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Thursday, May 7, 2009

Bhumimalayalam(Malayalam Movie by T.V.Chandran)

Posted by
Venu K.M

T.V. Chandran is among the few Malayalam film makers who would never stop asking questions about the predicament of women in Kerala; pursuing many a dark alley of the past as well as the contemporary life where silent sufferings by women are accepted as naturally as life itself, Chandran undoubtedly raises disqueting posers in Bhumimalayalam too.
Actually the story line moves back and forth between the present and the past. Stories of six women in varying situations of extremely challenging moments of their lives are presented here.
An elderly mother and school teacher who witnesses the macabre scene of her son in his prime youth being killed by the hordes, representatives of hate politics never returns to the normal state of senses. Another young woman, the slain man's sister working in a far away place is no more able to work with dignity as her ostentatious employer tries to coerce her to yield to his sexual whims. Another young girl who is also employed in the factory meets the premature crash of her hopes pinned on a young man who had been awaited on his next leave from the military service to marry her. she loses her lover for ever, following an accident in which he gets killed along with his few colleagues. Here, marriage would obviously seem to liberate her from the status of a factory worker with meagure earning to that of a decent middle class housewife!
The fourth woman is an ambitious media woman in her youth. Though married to a man working far away in a gulf country, as individuals, both of them are expected to go by the patriarchal code of conduct of the Muslim household, in which her father in law would no longer accept her moving around with the camera as a media person. The husband is ultimately pressurised by the woman's in-laws to bid talaq on account her insistence to continue the job.
And we meet the fifth woman, who is an eminent sportsperson. Towards the beginning of the film , we see her practising jumps, dreaming for more and more heights of achievement . Alas, she eventually gets married to a business man; unbearable drabness creeps into her life. It becomes just like unending chores of cooking and cleaning, not just for the members of the family but also for the evening parties where her husband receives friends for drinking.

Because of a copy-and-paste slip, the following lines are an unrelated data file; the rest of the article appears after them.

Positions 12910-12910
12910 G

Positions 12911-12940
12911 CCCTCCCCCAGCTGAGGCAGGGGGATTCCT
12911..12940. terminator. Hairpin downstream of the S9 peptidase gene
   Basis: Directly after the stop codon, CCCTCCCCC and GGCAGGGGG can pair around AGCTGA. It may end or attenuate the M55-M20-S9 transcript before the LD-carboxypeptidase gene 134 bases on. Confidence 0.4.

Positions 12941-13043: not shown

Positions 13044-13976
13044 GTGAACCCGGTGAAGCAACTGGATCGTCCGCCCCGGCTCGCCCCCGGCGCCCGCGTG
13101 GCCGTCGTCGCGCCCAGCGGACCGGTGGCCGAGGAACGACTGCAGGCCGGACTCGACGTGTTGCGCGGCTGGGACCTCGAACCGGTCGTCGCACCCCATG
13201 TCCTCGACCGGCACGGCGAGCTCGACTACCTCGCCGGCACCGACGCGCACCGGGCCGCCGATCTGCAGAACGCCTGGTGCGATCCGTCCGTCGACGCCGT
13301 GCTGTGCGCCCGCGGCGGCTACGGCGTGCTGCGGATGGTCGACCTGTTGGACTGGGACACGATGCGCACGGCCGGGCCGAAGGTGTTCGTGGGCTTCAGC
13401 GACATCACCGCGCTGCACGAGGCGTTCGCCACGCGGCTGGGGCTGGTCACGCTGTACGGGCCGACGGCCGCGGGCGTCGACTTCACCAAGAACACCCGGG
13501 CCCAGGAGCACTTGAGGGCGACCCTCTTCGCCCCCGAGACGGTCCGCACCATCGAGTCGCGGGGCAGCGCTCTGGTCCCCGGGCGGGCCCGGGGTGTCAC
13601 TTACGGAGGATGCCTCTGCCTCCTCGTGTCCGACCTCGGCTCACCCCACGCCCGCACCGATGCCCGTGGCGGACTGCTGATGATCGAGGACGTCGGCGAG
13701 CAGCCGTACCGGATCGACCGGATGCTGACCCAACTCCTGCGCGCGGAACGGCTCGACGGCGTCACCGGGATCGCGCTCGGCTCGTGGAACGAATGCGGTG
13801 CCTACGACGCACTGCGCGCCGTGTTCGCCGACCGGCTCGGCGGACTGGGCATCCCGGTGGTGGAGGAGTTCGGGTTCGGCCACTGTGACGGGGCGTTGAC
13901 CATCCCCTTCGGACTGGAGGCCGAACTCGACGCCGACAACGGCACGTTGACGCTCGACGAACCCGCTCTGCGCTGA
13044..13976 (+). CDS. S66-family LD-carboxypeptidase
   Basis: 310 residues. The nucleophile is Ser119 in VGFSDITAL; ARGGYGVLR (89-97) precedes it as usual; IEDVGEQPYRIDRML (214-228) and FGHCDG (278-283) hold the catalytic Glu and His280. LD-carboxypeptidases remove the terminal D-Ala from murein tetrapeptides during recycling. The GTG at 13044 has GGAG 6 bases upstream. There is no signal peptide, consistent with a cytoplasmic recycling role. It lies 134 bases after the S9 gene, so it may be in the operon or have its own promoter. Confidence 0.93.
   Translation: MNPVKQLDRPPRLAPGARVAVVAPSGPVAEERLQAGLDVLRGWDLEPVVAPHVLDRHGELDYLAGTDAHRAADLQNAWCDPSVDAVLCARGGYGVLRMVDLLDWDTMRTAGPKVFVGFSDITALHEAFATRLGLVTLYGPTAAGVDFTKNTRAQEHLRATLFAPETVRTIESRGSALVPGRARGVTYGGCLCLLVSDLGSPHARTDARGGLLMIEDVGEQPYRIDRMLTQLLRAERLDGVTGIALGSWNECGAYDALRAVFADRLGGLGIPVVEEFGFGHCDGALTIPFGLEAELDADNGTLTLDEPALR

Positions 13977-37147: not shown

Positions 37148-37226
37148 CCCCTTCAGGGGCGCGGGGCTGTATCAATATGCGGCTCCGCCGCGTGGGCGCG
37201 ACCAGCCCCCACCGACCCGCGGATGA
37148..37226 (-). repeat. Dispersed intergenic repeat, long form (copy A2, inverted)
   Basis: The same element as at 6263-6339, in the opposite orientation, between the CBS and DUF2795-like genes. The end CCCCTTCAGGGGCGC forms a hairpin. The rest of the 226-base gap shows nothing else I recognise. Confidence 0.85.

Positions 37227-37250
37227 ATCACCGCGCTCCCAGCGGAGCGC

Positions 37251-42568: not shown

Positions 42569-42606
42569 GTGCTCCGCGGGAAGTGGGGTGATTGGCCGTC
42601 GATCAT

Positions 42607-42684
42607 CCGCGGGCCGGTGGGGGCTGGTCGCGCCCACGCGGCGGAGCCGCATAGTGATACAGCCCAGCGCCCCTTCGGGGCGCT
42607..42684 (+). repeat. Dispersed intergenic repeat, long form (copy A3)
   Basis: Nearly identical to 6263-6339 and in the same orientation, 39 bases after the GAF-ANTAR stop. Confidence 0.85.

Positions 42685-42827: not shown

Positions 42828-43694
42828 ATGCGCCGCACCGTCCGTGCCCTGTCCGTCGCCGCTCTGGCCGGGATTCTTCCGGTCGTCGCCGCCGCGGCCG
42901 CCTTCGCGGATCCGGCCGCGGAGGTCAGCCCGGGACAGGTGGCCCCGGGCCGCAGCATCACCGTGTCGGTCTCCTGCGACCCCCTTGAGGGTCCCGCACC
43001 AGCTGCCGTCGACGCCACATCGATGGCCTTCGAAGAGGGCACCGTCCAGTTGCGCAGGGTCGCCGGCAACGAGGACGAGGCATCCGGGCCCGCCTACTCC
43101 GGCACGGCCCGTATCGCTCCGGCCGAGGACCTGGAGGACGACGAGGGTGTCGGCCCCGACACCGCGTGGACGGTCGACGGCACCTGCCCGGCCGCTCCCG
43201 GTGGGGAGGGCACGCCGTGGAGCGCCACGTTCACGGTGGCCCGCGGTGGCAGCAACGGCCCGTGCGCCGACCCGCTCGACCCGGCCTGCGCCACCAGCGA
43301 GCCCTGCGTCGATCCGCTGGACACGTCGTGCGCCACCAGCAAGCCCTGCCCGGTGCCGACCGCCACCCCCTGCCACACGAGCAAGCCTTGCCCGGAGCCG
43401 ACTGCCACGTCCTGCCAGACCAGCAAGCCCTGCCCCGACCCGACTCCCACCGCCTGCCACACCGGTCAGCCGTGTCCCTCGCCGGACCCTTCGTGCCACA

In the meanwhile, thanks to the efforts of her former school teacher and few sportslovers she gets an oportunity for undergoing fully sponsored and high level coaching in the branch of sports related to her field of excellence (long jump). After such a proposal being rebuffed by her husband, she ultimately breakes the marriage and escapes to her dream field of accomplishment!

As a film maker, Chandran has always been sort of the unique person with outspoken commitment toward a kind of 'dream left' . His idea of left is rooted firmly in the struggles of the working classes and landless peasants of Kerala, of course, belonging to a previous era.
Over the passage of time , living links to this tradition are nearly lacking thanks to the changed perceptions of politics and social life by the Left parties themselves. Nevertheless, Chandran doesn't want to cynically abandon his leitmotif of a dream left in the manner many of the Leftists as well as his counterparts in Malayalam cinema would do.
This can be seen as both as a strength and the weakness of T.V.Chandran's cinema. On the one side, it has the advantage of enlivening and maintaining the dreams of a society free from exploitation; on the other, it overlooks certain important structures of oppression and dominance. For example, representation of the relationship between a factory owner and his female labourer as sexually exploiting is too stereotypical; the very circumstances and settings in which the attempted rape figures in the film betrays lack of imagination and innovativeness and tendency to be influenced by cliches.
The scene in which husband of the sportswoman shouts at the gentlemen coming with proposals to offer her best training also is in bad taste. Even without shouting to the visitors saying that he would not allow his wife's legs to be publicly displayed , any 'decent' , softspoken and 'cultured' husband would have done the same thing! For the diehard defending of this kind of moral concerns, please don't blame the poor(drinking) businessman! Let's ask the male 'Leftists' instead, howmany of them would willingly send their wives for such a training that would help improve a housewife's/mother's excellence in sports!
This is where Chandran consciously or otherwise refuses to look beyond the structures of commercial production relations (where, undoubtedly are sexist biases operating) evenwhile he raises important issues of freedom of women. The normative assumptions about the standard family is kept intact and without being questioned here; as a result he seems to be desperately bound to place all the blame to the capitalist, or to a drinking and party-loving businessman.
This failure of acknowledging these factors (of oppressing of women) working from within is probably has become cause for his tendency in seeking fantastic escapes. The sportswoman's escape in this film is more a fantasy than a real one. The journalist woman who faces separation through talak, is also not backed by any identifiable social forces of change.

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always want to defend peace, justice, peoples' right to love each other and live with dignity,struggles against parochial visions and hatred;instinctively a defender of socialist and democratic values  

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